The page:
One of the outstanding motives of the installation is a letter of the artist to Ray Bradbury himself, rewritten many times. The letter is an invitation to her opening, but it also reveals, in its diaristic form, the artist’s thoughts on the whole process of developing this project, particularly its latest iteration at MK Gallery. The letter also reveals the artist’s reflections on art making, says the curator, which the artist defines as “making and comprehending with grey matter.” This obvious reference to Duchampian intellectual legacy is clearly seen in the photographs and notes placed in open suitcases arranged on the gallery’s floor. The notes to Bradbury, also the notes to herself, are spread and assembled through the whole palette of different mediums, thus creating intriguing and inviting ambiance which, finally, reminds the viewer who is prone to literature not only of the primitive, fruitless attempts of book censorship during McCarthy’s America during the 1950s (to which, in fact, Bradbury’s book refers to), but also of the most famous syntagm –manuscripts don’t burn- that came from the pen of Mikhail Bulgakov in his The Master and Margarita.
The photographs of many places reflect the process which the artist chose for memorizing different parts of the book- by linking the lines with various objects, locations and architecture from her own past, infulenced by the notion of «memory palace,» mentioned by Frances A. Yates. One group of videos and photographs show people from the artist's close surrounding, who were invited to read and memorize parts of the books they like, in almost phantasmagoric compozitions that recall the film adaptation by Truffaut. Furthermore, there are colorful and vivid memory cards that served in the whole process of memorizing Fahrenheit 451, with the images of courtyards by which Eve was passing by on a daily basis while living in a part of Brooklyn called Bushwick. The exhibition also features a copy of the book Fahrenheit 451- the artist's paper-made companion since 2007, bought at Berlin's flea market Mauer Park, with numerous marks and notes in different colors which facilitated memorizing of particular textual parts. The visitor, while thinking about the ambiance, cannot escape recalling another landmark of Berlin – a commemoriation palace on The Opera Square, which gives its honors to the books burnt in 1933. In the words of Heinrich Heine, written hundred years before the rise of Nazis: «Where the books are being burnt, soon the people will burn as well.»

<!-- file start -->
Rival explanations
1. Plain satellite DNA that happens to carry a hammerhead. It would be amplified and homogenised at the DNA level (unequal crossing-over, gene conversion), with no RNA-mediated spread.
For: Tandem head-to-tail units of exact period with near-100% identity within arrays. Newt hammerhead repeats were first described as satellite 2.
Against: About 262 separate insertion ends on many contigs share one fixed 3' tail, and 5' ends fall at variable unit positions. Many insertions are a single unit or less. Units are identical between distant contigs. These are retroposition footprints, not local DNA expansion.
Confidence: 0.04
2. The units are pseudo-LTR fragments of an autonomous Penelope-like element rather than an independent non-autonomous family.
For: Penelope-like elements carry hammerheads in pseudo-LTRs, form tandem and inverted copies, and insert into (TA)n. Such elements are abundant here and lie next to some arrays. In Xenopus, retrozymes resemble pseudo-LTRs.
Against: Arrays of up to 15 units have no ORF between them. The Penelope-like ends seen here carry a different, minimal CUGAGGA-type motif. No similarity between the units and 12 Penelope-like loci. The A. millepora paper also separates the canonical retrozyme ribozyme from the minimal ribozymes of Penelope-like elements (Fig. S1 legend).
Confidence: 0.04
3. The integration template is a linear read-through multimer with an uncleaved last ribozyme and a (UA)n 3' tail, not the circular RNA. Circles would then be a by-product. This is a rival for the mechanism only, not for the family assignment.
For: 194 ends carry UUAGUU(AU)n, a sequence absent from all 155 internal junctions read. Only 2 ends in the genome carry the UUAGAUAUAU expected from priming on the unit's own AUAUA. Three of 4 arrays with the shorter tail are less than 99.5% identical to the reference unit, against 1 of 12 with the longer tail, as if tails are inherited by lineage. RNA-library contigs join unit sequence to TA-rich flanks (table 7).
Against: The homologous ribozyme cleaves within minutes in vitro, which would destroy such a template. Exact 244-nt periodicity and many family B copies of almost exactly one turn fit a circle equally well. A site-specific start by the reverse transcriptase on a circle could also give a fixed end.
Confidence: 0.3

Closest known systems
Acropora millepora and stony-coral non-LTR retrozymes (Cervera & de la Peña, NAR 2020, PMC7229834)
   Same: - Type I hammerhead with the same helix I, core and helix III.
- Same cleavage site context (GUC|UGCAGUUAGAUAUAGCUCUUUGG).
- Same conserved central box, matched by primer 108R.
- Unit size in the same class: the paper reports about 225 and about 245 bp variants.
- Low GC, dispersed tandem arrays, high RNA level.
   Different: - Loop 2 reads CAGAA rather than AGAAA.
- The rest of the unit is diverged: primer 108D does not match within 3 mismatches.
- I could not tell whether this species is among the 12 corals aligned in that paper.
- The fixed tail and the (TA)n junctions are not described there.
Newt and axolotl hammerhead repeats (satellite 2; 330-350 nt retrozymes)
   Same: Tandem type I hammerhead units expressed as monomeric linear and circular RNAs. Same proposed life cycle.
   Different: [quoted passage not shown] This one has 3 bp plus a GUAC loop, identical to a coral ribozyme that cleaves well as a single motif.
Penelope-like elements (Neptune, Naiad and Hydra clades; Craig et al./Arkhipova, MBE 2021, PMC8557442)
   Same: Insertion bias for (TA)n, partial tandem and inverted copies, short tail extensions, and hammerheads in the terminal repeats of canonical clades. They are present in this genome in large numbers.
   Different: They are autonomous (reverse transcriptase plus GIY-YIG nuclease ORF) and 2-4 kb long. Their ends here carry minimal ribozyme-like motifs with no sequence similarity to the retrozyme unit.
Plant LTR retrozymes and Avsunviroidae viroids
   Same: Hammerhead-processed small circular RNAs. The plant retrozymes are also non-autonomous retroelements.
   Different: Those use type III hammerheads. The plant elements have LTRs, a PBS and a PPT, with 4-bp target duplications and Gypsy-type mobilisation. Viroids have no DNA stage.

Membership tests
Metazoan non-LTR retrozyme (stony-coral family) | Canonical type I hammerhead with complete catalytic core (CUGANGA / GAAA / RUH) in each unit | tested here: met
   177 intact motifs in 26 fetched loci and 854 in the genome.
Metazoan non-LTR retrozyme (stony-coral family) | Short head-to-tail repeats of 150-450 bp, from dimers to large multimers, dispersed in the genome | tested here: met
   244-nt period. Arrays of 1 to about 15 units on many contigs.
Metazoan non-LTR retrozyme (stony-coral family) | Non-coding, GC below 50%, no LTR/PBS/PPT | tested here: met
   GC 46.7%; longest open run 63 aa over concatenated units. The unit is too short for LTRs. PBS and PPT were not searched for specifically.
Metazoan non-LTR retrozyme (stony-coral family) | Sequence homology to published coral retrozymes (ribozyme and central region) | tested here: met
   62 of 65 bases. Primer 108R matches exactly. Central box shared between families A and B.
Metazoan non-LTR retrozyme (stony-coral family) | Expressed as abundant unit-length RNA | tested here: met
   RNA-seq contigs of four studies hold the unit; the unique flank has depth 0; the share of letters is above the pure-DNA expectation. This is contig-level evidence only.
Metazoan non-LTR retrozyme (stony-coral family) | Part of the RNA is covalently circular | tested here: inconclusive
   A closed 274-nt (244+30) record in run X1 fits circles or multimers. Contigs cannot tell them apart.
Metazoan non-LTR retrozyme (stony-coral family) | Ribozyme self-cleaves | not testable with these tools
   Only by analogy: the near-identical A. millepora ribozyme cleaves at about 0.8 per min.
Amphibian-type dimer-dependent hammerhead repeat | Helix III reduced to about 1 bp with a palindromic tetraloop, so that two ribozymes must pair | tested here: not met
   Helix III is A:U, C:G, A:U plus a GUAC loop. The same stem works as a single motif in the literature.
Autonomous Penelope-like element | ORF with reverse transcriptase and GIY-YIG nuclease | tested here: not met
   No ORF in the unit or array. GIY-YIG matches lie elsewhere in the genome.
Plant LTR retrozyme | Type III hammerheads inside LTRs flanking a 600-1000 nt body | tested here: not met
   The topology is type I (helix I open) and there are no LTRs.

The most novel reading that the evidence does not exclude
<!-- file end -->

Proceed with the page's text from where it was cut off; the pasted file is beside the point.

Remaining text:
The new fiction writing and theory rising star, the American of Chinese descent Tan Lin, in his piece „Seven Controlled Vocabularies and Obituary 2004. The Joy of Cooking: Airport Novel Musical Poem Painting Film Photo Hallicination Landscape“ suggest a new way of reading: non-reading, that is. reading without reading. He claims, as cited by Zoran Rosko in his essay «Ambiental literature for the ambiental life,» that the most beautiful thigns in a novel are the ones which we don't even notice thinking about. He continues that the ideal novel shouldn't be read at all, and half- ideal should be read without focus, for example, by only keeping it next to our bed or looking through it while cooking. Indeed, paradoxically, in the age of the end of reading- because, let's be reminded, an average Croat reads one book per year- we read everything; clothing, brands, ads, receipts, parking tickets,... Everything becomes text but looses its meaning while becoming an ambiance, meaningless texture of reading experience. Reading thus doesn't stimulate the growth of soul, and looses its «higher purpose» since even the concentration camp guards were supposedly reading...
More and more, reading becomes a lifestyle connected to obsessive and uncontrolled spending. Precisely because of these reasons, Eve Tremblay's project is so stimulating; in spite of not succeeding in becoming a «book woman,: she convinces us how a work of literature is a sum of multiple factors moving towards each other and becoming inseparable part of the reader's experience. By looking at Eve's copy of Fahrenheit 451, one becomes aware how a piece of literature indeed is the partner which helps us in construction of our identities, in erasing the boundaries between real and fiction, as well as our collaborator in a fight against ambiental lives in the shadow of giant TV screen, which was precisely described, in distopian way, by Bradbury in Fahrenheit 451.